There, Trader Vic learned from expert rum cocktail artists about what makes a delicious drink and how to appreciate the finer qualities of an aged rum. Inspired by his experiences there, Trader Vic committed the future of his restaurants to increase the cultural awareness of the traditions, people, and cuisines he experienced on the road.

Friendship and Exchange

Trader Vic’s travels have led to long-lasting relationships between the Trader Vic’s brand and indigenous cultures across the world, though the company is especially committed to the people of Tonga, Papua New Guinea, Indonesia, and the entire Pacific Islander community.

Each Trader Vic’s location includes authentic statues, masks, and collectibles from around the globe. They buy the Tapa Cloth they use as wallpaper from the Mataitonga Family in Nuku’alofa, Tonga — which not only supports them, but their micro-economy as well.

Cross-cultural appreciation and education is the cornerstone of Trader Vic’s, as they continue to learn from and be inspired by communities all around the world.

Partnership With People of Rapa Nui

Trader Vic’s dedication to connection informs so many of its decisions, including its commitment to supporting the local community of Rapa Nui. This community produces the Moai statues that have informed and inspired so much of the decor at Trader Vic’s.

Trader Vic’s partners with The Fraternal Order of Moai Foundation and The Easter Island Foundation, two non-profit organizations run locally from the island that are focused on uplifting indigenous people, preserving traditional practices, and celebrating Rapa Nui culture.

After the Hunga Tonga–Hunga Ha’apai volcanic eruption in December of 2021, Trader Vic’s organized a global fundraiser with people from around the world, supporting those affected by the eruption and subsequent tsunami.

Plenty of restaurants are pretty shallow when it comes to their connection with the places they claim to celebrate. We appreciate Trader Vic’s commitment to do better.

To learn more about Trader Vic’s fundraising efforts, visit its website today!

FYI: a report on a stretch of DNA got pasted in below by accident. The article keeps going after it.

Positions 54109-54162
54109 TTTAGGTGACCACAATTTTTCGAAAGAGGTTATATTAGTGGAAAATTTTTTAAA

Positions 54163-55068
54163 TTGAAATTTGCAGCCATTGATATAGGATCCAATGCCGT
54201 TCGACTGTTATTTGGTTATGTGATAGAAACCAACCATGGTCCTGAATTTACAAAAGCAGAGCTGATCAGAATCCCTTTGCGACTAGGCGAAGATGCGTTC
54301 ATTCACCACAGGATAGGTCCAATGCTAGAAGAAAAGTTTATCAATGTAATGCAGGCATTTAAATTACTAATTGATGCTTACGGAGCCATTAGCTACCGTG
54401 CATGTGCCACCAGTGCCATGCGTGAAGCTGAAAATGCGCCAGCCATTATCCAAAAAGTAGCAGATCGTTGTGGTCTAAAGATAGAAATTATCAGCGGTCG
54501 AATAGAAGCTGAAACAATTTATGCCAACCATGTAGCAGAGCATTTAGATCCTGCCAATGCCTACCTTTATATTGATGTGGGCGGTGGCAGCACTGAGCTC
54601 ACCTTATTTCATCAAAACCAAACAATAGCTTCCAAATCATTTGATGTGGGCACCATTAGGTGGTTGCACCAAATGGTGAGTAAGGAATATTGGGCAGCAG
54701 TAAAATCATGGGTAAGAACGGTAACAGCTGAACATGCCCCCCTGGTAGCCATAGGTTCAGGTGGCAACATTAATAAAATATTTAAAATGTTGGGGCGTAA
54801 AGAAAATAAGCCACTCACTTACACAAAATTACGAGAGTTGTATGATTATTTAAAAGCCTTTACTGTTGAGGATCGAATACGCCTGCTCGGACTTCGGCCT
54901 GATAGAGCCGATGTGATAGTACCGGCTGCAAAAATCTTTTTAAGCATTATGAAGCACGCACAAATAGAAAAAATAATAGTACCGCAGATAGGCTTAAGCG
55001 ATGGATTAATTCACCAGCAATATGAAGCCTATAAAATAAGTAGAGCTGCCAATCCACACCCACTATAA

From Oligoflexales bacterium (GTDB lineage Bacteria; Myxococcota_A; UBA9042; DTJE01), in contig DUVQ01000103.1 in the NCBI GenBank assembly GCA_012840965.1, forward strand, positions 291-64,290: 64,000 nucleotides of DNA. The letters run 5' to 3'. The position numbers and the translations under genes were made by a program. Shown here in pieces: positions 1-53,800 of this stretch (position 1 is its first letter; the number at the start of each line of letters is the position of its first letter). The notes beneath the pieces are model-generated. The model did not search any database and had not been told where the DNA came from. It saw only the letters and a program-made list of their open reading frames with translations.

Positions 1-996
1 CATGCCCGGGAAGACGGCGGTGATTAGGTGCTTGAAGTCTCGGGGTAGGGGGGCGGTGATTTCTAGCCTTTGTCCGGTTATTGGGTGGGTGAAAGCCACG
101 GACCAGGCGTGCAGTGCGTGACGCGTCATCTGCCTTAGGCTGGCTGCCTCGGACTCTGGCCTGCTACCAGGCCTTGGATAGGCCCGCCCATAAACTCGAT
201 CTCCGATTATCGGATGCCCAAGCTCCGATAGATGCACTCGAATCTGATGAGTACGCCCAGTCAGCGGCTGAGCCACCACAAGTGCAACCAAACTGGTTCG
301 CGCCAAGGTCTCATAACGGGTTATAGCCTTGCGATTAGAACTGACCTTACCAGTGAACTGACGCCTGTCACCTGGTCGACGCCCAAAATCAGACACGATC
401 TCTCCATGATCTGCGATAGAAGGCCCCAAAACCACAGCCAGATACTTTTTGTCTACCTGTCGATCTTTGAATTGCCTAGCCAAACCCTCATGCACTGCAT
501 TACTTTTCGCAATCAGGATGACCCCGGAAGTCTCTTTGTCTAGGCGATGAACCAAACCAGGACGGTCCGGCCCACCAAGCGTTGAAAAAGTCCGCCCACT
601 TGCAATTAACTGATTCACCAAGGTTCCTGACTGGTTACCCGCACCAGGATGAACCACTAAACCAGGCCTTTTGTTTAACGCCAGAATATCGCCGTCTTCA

A Classic Brand With a Lasting Legacy

Even if this was your first time hearing about Trader Vic’s, we’re willing to bet that you’ve at least heard of its creations — you just might not have realized it. This legacy brand has been producing globally famous meals and cocktails since the early ’40s, quickly inspiring imitation from competitors.
Inventing the Mai Tai, Crab Rangoon, and More
Perhaps the most famous example of Trader Vic’s iconic contributions to culinary history is the Mai Tai.

This sunny vacation cocktail was created by Trader Vic himself — Vic Bergeron sure knew what he was doing, behind the bar.

Legend has it that Vic had a friend visiting the original Trader Vic’s location all the way back in 1944, and Vic wanted to make her something special. He grabbed a seventeen-year-old bottle of aged Jamaican rum and added a squeeze of lime, a dash of rock candy syrup, a splash of orange curacao, and some French Orgeat. Then, he poured the whole thing over a glass of crushed ice.

The result was so great that his friend exclaimed, “It’s Mai Tai Roa Ae!” (That’s Tahitian for, “Out of this world, the best!”)

Quickly, the Mai Tai became a San Francisco hit, then spread across the world. There are many recipes and variations available today (many of which are a little sweeter), but we happen to think Trader Vic had it right the first time.

Trader Vic’s is also responsible for creating the crab rangoon, which you can order from just about every Chinese American restaurant these days.

As you can see, taking inspiration from other cultures and melding them with the traditions of San Francisco and Northern California proved to be a successful formula for Trader Vic’s.

Today, the brand is still coming up with new cocktails and innovating in the kitchen.

Evolving Into a Lifestyle Brand

Trader Vic’s is also building out its online shop, giving its cult following the chance to bring some of Trader Vic’s home with them.

Their site is stacked with custom mugs, bartending materials, handcrafted teak goods, hand-carved serving spoons, and apparel inspired by its vintage logo and aesthetic.

If there’s a home goods lover in your life, check out Trader Vic’s online store today!

If homemade Mai Tais are more your speed, you have two choices. Vic’s recipes are all available in bartending guide books, or you can get the classic recipe canned and shipped directly to you. How cool is that?

Last Thoughts on the Inimitable Trader Vic’s

For a brand to survive nearly ninety years, evolution is the name of the game. From humble beginnings to far-reaching travels to becoming a household name, Trader Vic’s is just getting started.

Check out Trader Vic’s website to learn more about this iconic restaurant and find a location near you.